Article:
More banks line up to offer NPS | india | Hindustan Times
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More banks line up to offer NPS

Even though subscribers are not really rushing in droves to it, intermediaries wanting to sell the New Pension System are increasing. Known as points of presence, some of the largest banks, including Punjab National Bank and Syndicate Bank, are keen to sell NPS. Sandeep Singh reports.

india Updated: Jun 24, 2009 23:11 IST
Sandeep Singh

Even though subscribers are not really rushing in droves to it, intermediaries wanting to sell the New Pension System (NPS) are increasing. Known as points of presence (POP), some of the largest banks, including Punjab National Bank and Syndicate Bank, are keen to sell NPS.

“I am getting request from more people to join us as points of presence,” said D Swarup, chairman, Pension Fund Regulatory and Development Authority (PFRDA). “We have got inquiries from both public and private sector banks to join us as POPs.”

Increasing the number of POP would help sell a retirement planning scheme that’s arguably the world’s cheapest. “We will consider them because we have an open system and it will expand our medium of presence,” said Swarup.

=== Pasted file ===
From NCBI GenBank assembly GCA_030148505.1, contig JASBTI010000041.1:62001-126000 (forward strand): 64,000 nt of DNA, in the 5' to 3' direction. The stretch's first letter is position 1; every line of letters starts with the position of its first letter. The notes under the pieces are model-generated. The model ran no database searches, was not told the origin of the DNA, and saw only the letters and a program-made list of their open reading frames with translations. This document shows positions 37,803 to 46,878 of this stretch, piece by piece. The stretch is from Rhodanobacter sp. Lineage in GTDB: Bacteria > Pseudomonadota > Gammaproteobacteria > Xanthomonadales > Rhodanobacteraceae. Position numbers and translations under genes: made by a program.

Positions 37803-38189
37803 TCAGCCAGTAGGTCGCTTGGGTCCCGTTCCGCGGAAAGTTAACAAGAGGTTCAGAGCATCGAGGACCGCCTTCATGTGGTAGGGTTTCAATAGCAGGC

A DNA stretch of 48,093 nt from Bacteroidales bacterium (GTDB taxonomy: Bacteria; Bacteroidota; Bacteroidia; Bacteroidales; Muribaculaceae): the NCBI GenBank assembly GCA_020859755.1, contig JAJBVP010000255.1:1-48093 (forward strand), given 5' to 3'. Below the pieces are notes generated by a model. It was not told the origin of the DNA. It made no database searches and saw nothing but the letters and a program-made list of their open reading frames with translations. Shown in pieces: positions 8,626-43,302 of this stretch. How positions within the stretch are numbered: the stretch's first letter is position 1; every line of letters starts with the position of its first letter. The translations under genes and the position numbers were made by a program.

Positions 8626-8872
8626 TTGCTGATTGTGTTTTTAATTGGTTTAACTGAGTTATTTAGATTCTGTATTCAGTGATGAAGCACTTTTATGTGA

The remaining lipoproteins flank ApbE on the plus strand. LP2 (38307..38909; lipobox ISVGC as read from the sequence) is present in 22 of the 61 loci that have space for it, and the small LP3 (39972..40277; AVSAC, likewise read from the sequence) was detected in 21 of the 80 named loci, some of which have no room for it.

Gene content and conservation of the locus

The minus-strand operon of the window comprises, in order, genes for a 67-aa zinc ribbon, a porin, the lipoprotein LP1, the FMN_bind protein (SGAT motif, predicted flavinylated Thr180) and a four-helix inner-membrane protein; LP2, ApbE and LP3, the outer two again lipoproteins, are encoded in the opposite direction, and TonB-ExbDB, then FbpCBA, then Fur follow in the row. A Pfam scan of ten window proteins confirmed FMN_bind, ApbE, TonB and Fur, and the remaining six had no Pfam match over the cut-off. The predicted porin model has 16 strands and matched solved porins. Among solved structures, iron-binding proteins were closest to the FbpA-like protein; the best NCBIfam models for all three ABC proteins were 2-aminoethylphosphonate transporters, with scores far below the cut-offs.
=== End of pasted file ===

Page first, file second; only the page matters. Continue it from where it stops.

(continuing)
While PFRDA is looking to expand its reach and medium, it is also exploring ways to make the scheme more attractive to subscribers. For instance, it is considering to offer withdrawals for selective purpose from the contribution made by its subscribers into the NPS, once PFRDA is given a statutory status by Parliament.

“As of now the government’s advice is ‘no withdrawals’ and I am contemplating to offer it only when the act gets passed,” Swarup said. “We will allow withdrawals only for the first house purchase and not for the second house and also allow it for terminal or critical illness.”

As of now, neither government employees nor subscribers in the unorganised sector are allowed to withdraw their contribution.

The scheme, launched on May 1 for the unorganised sector, is likely to get government support as it plans to bear the administrative cost for all subscribers as it does for its own employees.